Shade grown coffee is coffee cultivated under a canopy of sun filtering shade trees. Shaded coffee farms are more ecologically sound with the shade trees providing natural fertilizer, mulch and a source of wood used for cooking, fuel and lumber. The shade trees provide a sanctuary for bird and animal life. Often the trees used for shading coffee offer another income producing crop such a citrus fruit and hardwood.
The slower ripening of shaded coffee produces a more flavorful coffee bean. Our organic coffees are generally shade grown as well. Our current offerings of Shade Grown coffees include coffees from Costa Rica, Mexico and Peru .
Recently at The Kaffeeklatsch, we’re hearing inquiries from folks about “shade grown” coffee. The question is frequently coupled with queries about “sustainable” coffee, and “bird friendly” coffee. We’ve been asked if we know what these coffees entail, which countries produce shade grown coffee, followed by the inevitable, “are any of our coffees shade grown?” The answer to all of the above in an unequivocal “YES.”
As the title implies, “shade grown” coffee is coffee cultivated under a canopy of sun filtering shade trees. The extent, type, and utility of shade trees employed vary from farm to farm and country to country. In Chiapas, Mexico and Nueva Segovia, Nicaragua, for example the small locally owned farms typically cultivate their coffee plants under a multi-storied shade canopy of citrus trees, leguminous trees, and native hardwoods. In the more agro-industrial setting of Costa Rica and Colombia, meanwhile, when shade trees are employed, they are frequently no more than a thin and sporadic canopy of a single species nitrogen fixing variety.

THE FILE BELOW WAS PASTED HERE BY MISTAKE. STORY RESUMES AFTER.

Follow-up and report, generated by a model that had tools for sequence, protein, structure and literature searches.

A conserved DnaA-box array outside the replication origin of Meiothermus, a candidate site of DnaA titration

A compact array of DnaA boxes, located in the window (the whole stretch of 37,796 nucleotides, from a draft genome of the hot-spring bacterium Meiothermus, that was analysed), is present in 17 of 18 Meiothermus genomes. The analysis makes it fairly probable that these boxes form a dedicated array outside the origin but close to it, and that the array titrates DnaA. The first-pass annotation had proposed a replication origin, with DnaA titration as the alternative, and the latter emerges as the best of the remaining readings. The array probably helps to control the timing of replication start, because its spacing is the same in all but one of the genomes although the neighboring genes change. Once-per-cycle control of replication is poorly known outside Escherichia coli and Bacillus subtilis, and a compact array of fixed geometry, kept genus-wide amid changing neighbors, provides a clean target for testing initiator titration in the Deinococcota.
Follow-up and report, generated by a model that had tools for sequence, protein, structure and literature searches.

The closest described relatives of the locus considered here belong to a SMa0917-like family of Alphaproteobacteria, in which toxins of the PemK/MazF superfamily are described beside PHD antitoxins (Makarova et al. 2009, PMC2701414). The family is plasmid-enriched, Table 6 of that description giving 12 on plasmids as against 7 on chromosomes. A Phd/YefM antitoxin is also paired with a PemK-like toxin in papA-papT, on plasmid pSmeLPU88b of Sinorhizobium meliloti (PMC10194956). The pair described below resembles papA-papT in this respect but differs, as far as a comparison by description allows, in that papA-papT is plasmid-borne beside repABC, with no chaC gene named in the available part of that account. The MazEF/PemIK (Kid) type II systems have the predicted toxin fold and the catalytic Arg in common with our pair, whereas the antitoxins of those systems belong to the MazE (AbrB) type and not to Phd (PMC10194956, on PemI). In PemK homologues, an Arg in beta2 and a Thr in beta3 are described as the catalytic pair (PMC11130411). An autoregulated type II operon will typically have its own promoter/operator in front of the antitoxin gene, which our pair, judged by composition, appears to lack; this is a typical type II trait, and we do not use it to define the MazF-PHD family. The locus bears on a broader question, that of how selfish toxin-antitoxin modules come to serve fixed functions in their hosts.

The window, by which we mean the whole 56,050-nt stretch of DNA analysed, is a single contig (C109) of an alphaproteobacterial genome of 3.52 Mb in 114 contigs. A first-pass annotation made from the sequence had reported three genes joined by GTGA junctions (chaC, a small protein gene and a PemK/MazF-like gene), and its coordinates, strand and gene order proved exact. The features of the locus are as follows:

Traditionally, all coffee was grown under a canopy of shade trees. The original típica and borbón varieties of coffee, those brought over to the New World centuries ago, are relatively intolerant of direct sunlight and require the filtering effect of shade trees lest the leaves will burn. These ancient varieties grow to heights of twenty or more feet, require ample space to grow, are typically only moderately prolific bean producers, yet render a wonderful cup. In the last twenty-five years, however, new sun tolerant varieties of coffee have been hybridized – caturra, catuaí, mundo novo, and variedad colombiana, for example, which can be cultivated without a shade covering. These new varieties are shorter and denser in stature, allow for a much greater plant population per acre, and usually produce more prolifically.
So why would a farmer choose to stay with the shade grown granddaddies? The answer is beautifully simple: shade-grown coffees are more ecologically and economically conservative, sport greater bio-diversity, and are thus more “sustainable” than non-shade coffee farms. This is so, for a myriad of reasons. In terms of ecological conservation, the shade trees serve numerous purposes. In addition to their obvious role as a sun screen for the coffee plants, they also provide a nitrogen-rich mulch to the coffee soil as their leaves fall and decompose on the ground. In addition to being a natural fertilizer, the presence of the mulch is also useful in soil moisture conservation, suppression of weed growth, and prevention of soil runoff during the rainy season. The result is a lessened if not non-existent need for chemical fertilizers and herbicides.